Irish filmmaker and all-round decent sort Myles O’Reilly has just made his beautifully shot music documentary The Sound of a Country available online for free. Made without any inhibitions this stunning piece of film, set around Martin Hayes and Dennis Cahill’s recent tour of India, sets out only to bring a story to those who wouldn’t otherwise be aware of it and as such, Myles wants to share it with those willing to watch it. We’re sure you’ll enjoy it.
Wrightbus International’s Chennai facility is set to commence operations by April next year.
The North Ireland-based Wrightbus has partnered with Daimler India for manufacturing the bus body for its Bharat Benz range of buses.
Wrightbus will be doing exclusive bus body manufacturing at the plant for Daimler.
The bus body building facility in Chennai will be part of the new bus plant proposed by Daimler India Commercial Vehicle.
The Chennai plant is partly for the domestic market but mainly for exports to South East Asia.
At a business cultural meet in Ireland, facilitator Aine Edwards, showing off her “pidgin Tamil”, was speedily connected with a South Indian businessman who then linked her to Brhaddhvani, Karaikudi Subramanian’s centre for music and research in Chennai. The loop was complete when sarod-player Mattu Noone introduced virtuoso musicians Martin Hayes and Dennis Cahill, which propelled their India tour. At Bangalore, they spent time with L. Subramaniam. They are currently in Chennai, at a short residency at Brhaddhvani, performing at different venues over the week.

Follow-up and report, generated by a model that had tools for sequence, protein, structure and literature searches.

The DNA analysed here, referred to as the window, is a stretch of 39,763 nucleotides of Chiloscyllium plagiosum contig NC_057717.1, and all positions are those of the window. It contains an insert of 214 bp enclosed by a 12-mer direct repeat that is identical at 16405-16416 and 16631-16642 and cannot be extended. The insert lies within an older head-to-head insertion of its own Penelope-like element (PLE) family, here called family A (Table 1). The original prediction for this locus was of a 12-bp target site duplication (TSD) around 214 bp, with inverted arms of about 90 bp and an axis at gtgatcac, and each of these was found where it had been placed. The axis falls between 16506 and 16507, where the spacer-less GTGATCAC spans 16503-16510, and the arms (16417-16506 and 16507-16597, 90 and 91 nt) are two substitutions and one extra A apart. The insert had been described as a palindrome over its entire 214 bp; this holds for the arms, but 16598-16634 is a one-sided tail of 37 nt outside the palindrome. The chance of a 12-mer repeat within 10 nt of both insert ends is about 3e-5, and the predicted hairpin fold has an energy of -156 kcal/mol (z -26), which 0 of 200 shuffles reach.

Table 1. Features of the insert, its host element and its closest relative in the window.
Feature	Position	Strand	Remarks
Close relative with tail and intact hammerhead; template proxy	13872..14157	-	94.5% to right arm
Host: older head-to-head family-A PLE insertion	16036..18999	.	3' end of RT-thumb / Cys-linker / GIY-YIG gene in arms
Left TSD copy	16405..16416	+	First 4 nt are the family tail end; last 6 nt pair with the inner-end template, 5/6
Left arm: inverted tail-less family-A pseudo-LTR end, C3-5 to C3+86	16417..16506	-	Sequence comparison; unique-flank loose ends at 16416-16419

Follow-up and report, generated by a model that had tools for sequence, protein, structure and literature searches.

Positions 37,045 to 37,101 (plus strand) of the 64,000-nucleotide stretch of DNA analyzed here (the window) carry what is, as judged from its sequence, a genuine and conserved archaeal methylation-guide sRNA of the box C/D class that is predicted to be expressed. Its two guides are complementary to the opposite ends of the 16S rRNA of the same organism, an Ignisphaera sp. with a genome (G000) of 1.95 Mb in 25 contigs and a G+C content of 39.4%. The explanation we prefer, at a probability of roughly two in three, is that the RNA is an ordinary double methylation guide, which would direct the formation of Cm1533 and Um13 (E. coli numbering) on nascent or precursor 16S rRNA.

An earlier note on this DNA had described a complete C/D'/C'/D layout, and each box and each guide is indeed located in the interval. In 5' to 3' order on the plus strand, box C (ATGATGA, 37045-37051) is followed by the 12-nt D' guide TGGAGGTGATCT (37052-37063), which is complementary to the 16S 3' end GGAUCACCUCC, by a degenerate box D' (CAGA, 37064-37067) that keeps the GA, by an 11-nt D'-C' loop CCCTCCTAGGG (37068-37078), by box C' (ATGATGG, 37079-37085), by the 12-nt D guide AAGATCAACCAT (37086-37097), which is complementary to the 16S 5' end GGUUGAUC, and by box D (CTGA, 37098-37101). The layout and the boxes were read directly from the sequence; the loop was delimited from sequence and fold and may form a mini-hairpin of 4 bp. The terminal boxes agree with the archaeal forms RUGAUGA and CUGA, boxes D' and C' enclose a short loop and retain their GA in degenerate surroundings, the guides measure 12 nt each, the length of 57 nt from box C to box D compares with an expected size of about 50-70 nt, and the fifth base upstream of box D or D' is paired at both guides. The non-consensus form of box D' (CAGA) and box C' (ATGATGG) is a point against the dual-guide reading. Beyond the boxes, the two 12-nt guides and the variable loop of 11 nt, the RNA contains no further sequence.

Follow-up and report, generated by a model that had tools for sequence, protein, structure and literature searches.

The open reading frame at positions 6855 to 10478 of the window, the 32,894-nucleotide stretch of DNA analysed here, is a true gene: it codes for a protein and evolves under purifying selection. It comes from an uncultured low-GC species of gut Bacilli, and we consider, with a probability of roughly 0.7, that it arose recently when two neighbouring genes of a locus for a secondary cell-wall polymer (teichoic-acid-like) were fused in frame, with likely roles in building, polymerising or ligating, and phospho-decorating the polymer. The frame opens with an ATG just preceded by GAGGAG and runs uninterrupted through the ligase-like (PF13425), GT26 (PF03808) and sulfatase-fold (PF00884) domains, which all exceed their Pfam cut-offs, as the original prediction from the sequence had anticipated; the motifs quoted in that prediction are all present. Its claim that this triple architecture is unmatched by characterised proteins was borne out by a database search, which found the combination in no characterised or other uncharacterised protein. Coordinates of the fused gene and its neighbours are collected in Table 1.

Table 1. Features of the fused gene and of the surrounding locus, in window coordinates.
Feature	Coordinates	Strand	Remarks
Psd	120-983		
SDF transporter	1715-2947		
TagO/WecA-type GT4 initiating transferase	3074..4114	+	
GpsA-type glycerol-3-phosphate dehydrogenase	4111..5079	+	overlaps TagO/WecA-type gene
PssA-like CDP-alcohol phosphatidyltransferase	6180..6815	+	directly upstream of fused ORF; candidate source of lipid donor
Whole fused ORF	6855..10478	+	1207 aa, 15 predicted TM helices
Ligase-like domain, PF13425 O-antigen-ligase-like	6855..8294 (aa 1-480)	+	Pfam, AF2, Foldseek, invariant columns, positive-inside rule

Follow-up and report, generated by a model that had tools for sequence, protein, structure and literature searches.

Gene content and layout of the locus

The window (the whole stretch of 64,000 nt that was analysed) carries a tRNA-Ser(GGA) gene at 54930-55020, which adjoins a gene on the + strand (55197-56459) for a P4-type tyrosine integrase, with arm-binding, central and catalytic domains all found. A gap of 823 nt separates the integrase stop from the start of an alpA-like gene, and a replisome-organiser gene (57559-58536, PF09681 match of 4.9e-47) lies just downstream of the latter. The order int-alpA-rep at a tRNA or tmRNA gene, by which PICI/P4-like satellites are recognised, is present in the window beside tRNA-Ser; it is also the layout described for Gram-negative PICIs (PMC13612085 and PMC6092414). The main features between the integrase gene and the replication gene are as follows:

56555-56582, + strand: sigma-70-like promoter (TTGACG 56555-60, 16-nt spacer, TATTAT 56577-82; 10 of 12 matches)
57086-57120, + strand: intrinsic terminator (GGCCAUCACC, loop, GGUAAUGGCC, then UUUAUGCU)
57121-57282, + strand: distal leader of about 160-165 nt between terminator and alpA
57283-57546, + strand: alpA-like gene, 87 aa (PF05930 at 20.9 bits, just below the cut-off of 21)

While the city was resonating with Carnatic music, Martin Hayes and Dennis Cahill – an Irish fiddler and an American guitarist - added a flavour of Irish folk music to the Margazhi festival with their scintillating musical odyssey.
The duo performed at various venues across Chennai as a part of their India tour. For the proud ambassadors of traditional Irish music, who dearly love Indian music, it was a chance to make the two worlds shake hands!
Photographer and cross-cultural projects manager Áine Edwards came to India on her first trip some 16 years ago, volunteering to help a cousin set up his software firm. And then, three years ago, Googling to find connections between India and Ireland, she found there were hardly any. Yet, she knew Indians were going to Ireland. “We have a lot of common history, but it seemed as if it was wafting away.” Fascinated with the idea of fostering cultural exchange and building ties, Áine, a photographer, brought painters Victor Richardson, Maeve Mcmanamon, Dorothee Roberts, Carol Booth and ceramicist Sara Roberts, together for Contrasts. This venture was supported by Culture Ireland and the Irish Embassy at New Delhi. Honorary Consul General of Ireland in Chennai, Rajeev Mecheri, optimistic for the two countries coming closer on this platform, said “Art and culture is fundamental to any society.”
"I’ve taught scuba diving in the Maldives, worked in Australia and built schools in India, and now, as I set up a new business linking Ireland and India, I’ve no intention of settling down, says ÁINE EDWARDS
Ireland’s India initiatives are nascent, but there is growing enthusiasm to trade. The opportunities are virtually limitless and have the potential to energise the country’s ailing economy. However, Ireland needs to stand apart from the competition that includes most countries of the developed and developing world. Ireland’s shared history and long-standing friendship with India give it a definite advantage, and an enhanced economic partnership could be mutually rewarding, both economically and socially.